On Sunday morning, New York State Attorney General Eric Schneiderman sat in a back room of the Abyssinian Baptist Church, one of Harlem’s most storied chapels, and prepared to give his first Sunday sermon. Hundreds of parishioners sat in the pews, along with a few hundred more tourists, expecting to hear the kind of stirring oration for which Abyssinian has long been known.
A deacon, dressed in a gray, striped, seersucker suit, tried to reassure him. “Just go up and be yourself, man,” he said. “You ran a righteous campaign. People know you, and people need you, and once you get on a roll, people aren’t going to let you sit down.”
In over a decade in the State Senate, Mr. Schneiderman developed a reputation as a wonky, left-leaning legislator, if not a particularly gifted orator. But his 2010 campaign—which succeeded on a platform of unabashed progressivism, amid a Tea Party climate that turned even stalwart Democrats into mini-Grover Norquists— turned Mr. Schneiderman from another downballot contender into the last, best hope for a liberal future.
“Well, it’s great to be here in a great house of worship and a great house of action,” Mr. Schneiderman told the deacon, before trotting out a line he would later use in his sermon. “And it’s not just in the seats—it’s in the streets, you know what I’m saying?”
The deacon smiled at the Harvard Law grad suddenly talking in the rhythms of the pulpit. “Now,” said the deacon, slapping the table. “You really could be joining us now.”
During the campaign, Katrina vanden Heuvel, the editor and publisher of The Nation, called his win “solace for the political soul on a grim election night.” In the Huffington Post, David Sirota declared his primary race “the progressive movement’s carpe diem opportunity.”
“Looking at what this man has to offer in this high-profile office with the power to steer the national debate, it seems obvious that a New York loss would be a setback for all Americans,” said the Daily Kos.
He ended up beating a tough-on-crime suburban prosecutor in the Democratic primary by making the race for the state’s chief law enforcement officer into a question of not who would lock up the most bad guys, but who would end the practice of overincarceration. Afterward, he ignored advice to tack to the center in his general election campaign against another popular district attorney, and made the race about social justice and abortion rights. He won by double digits.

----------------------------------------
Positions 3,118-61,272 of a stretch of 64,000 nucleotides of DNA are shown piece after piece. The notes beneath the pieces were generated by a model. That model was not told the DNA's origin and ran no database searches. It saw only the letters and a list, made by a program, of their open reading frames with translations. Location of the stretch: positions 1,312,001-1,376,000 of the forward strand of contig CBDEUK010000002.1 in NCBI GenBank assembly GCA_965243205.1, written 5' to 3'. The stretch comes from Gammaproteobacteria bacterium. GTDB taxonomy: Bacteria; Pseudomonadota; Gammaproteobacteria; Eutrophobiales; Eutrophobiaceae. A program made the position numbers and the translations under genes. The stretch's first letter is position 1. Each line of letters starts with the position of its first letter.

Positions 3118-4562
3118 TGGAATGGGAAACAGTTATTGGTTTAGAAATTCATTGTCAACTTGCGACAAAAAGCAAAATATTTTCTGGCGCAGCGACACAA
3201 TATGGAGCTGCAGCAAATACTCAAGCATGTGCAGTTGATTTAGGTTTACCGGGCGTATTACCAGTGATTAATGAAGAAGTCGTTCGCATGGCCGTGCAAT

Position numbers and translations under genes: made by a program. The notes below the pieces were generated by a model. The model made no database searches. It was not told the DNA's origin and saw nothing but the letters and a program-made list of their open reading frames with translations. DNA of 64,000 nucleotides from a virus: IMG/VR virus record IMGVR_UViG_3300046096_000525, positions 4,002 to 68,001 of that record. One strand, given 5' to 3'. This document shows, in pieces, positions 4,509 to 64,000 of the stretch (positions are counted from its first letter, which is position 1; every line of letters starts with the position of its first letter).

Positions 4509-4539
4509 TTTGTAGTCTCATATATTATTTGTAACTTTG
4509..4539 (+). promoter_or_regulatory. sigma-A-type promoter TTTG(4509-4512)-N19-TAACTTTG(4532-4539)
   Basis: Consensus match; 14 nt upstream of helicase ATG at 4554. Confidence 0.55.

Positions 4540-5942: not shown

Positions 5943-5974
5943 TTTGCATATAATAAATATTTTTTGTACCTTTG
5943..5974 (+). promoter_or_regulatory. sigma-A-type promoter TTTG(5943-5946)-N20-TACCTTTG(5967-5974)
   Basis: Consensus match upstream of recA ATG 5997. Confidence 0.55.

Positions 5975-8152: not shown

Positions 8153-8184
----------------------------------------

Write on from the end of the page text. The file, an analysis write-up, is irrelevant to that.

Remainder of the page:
And now that he is in office, Eric Schneiderman is not merely the attorney general of the State of New York. He is someone imbued with the hopes of left-wing America during a time when one-time heroes (like Barack Obama) seem happy to negotiate away the store and others (like Anthony Weiner) have exited the stage entirely.
“The Democratic Party always seems to be trying to accommodate, and the conservatives always seem to want to hit back harder and harder,” Mr. Schneiderman said in an interview in his downtown office. A tiny statue of the Buddha sat on his desk, alongside books like The New Jim Crow and a biography of Sir Thomas More. “This is an era when the next stage of conservative triumphalism is: Well, Bush did it as a Republican, and now even Democrats are doing it.
And so a lot of Democrats have pulled backed from their advocacy of regulation as something that makes us all safer, and makes us all capable of generating wealth over the long term.”
“In the long run,” he continues, “politics is really about changing people’s consciousness.”
For the first few months of 2011, the attorney general’s office was relatively silent. Progressives feared that their chosen hero was choosing to wait out the Tea Party’s moment as, across the country, pensions were slashed and collective bargaining rights curtailed. Ms. Vanden Heuvel said several friends sent to her with alarm a January article in The Wall Street Journal that wondered if Mr. Schneiderman “may be good news for Wall Street.”
In truth, Mr. Schneiderman was just biding his time. Albany was, for the moment at least, Andrew Cuomo’s town, as the new governor pushed through a new ethics bill and an austere budget, even as the Democrats who voted for him fretted that he cleaved to a relentlessly centrist agenda.
And Mr. Schneiderman was still taking stock of an office with 1,700 staffers and attorneys and hundreds of active cases inherited from his predecessor. He brought on well-regarded political types like Neal Kwatra, a labor organizer who turned the hotel workers union into a political powerhouse, and Blake Zeff, a former top aide to Hillary Rodham Clinton, and he named Harlan Levy, a partner at the white-shoe law firm of Boies, Schiller & Flexner and friend from his college days at Amherst, his principal deputy. He became a suddenly scarce presence among the Albany and New York City press corps.
And he went around to religious and business leaders to reassure those who feared that Mario Savio was taking over as the state’s chief law enforcement officer. He spoke before the Association for a Better New York, met with Archbishop Timothy Dolan and traveled upstate to meet with energy lobbyists and gun-control opponents.